Now back to Father Valcarce:

The phenomenon as a whole made a tremendous impression on me; I was astounded. The fast walk over really rough terrain, almost impassible, strewn with the worst obstacles, running at times at incredible speeds, both forwards and backwards, as if the girls had wings on their feet — with their heads tilted sharply back, with their eyes unblinking and fixed constantly on the alleged vision...

    The trip was made while singing the holy rosary (the girls leading and the people in the village following) except for the Our Fathers and certain ejaculations which the girls said with great devotion, very slowly and with deep feeling. Furthermore their singing was beautifully intoned, with sweet voices and excellent harmony.

    The walk lasted from about 10:15 at night until after 11:30. During almost all this time, I was able to go with them, hanging onto either Loli's or Conchita's arm. By holding on this way, I was able to follow them in spite of many obstacles, running swiftly and with a strange sensation of security. The falls and stumbles that I made at times always happened to me when I let go of the girls.

Photo: in ecstasy by the Church door, conchita lifts Mari Loli so she can kiss the Virgin.

    (It should be pointed out that Father Enrique Valcarce was advanced in both years and weight and was not exactly in shape for an obstacle course. Only when he was hanging onto the girls did he feel extremely light. Someone said, "For heaven's sake, Father, be careful going so fast on these streets or you'll kill yourself." "Don't worry, I feel as though I'm 40 years younger," he answered.)

    The end of it all took place at the church doors, which were locked. First of all Loli raised Conchita in her arms, higher than Loli herself, and then Conchita did the same with Mari Loli. After kneeling down and suddenly recovering their normal state, they looked around with a smile, which later they shared with all of us.
    To these experiences on Saturday, Father Enrique added those of the following Sunday, July 29, which he also spent in Garabandal. On Father Valentin's request, he celebrated Mass in the village at 9:00 A.M. And the personal impression of his experiences he wrote down in a report at Comillas:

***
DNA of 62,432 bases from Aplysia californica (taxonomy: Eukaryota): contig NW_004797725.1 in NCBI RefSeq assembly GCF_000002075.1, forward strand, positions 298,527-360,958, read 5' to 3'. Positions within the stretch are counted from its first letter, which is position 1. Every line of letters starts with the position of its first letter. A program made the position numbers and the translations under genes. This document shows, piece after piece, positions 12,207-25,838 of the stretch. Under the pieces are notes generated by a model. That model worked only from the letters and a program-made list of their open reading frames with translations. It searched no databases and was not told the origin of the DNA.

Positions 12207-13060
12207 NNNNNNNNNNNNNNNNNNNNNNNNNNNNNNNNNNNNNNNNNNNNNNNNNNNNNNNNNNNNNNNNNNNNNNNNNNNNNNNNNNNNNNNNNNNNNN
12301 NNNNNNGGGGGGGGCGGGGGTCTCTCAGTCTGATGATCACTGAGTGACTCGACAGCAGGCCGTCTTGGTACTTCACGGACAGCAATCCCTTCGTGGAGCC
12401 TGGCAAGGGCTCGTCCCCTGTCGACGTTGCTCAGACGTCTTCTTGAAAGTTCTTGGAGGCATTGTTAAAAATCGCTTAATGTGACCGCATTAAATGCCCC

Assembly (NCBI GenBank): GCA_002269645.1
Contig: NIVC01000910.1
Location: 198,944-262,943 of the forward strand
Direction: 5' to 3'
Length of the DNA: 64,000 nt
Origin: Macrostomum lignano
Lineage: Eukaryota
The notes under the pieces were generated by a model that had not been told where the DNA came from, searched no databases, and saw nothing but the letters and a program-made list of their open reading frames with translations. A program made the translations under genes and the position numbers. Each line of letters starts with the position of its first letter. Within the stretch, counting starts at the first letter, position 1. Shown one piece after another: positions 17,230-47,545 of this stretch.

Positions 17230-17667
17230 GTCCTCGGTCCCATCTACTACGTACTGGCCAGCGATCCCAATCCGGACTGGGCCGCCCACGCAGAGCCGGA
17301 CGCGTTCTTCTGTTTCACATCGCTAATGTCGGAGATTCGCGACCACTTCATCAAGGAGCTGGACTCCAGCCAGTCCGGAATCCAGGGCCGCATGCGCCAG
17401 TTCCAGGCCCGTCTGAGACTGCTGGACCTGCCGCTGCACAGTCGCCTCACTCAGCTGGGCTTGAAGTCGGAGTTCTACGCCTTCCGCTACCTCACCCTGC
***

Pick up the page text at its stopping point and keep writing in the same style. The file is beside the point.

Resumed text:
The rivalry displayed against Conchita by the other three didn't make a good impression on me. Nor the fixing in advance the time for the ecstasy; nor the fact of the walks, seemingly senseless, around the church, to the Pines from the church, and from the church to the Pines or the cemetery, through the streets of the village, time and time again.
    Nevertheless, taken as a whole, everything I have tried to describe was truly exceptional and amazing. It is certainly not a product of disease, either psychiatric or organic. It seems to me, then, that the facts do not have a natural explanation. The girls show an expression of great beauty when they are in ecstasy, an expression frequently angelic (for example, with Mari Loli). But when normal, they are quite withdrawn and taciturn.

    The remarks I have just made should not be taken out of proportion. The very matter of the rivalry that I perceived between Conchita and the other girls is a good proof that this is not an act concocted by the four girls together. What leaves me the most confused is the matter of the senseless walks, which seem to be without basis. But I recognize that I lack material for judgment so as to take a definitive position. I would have to go many times to the village and observe everything in greater detail. Therefore, if no medical explanation can he found for these phenomena, I consequently reject the explanation saying it was an act concocted either by the girls themselves or by third parties. But I don't go so far as to say it is a supernatural phenomenon due to Our Lady. Then, what is it? I don't know.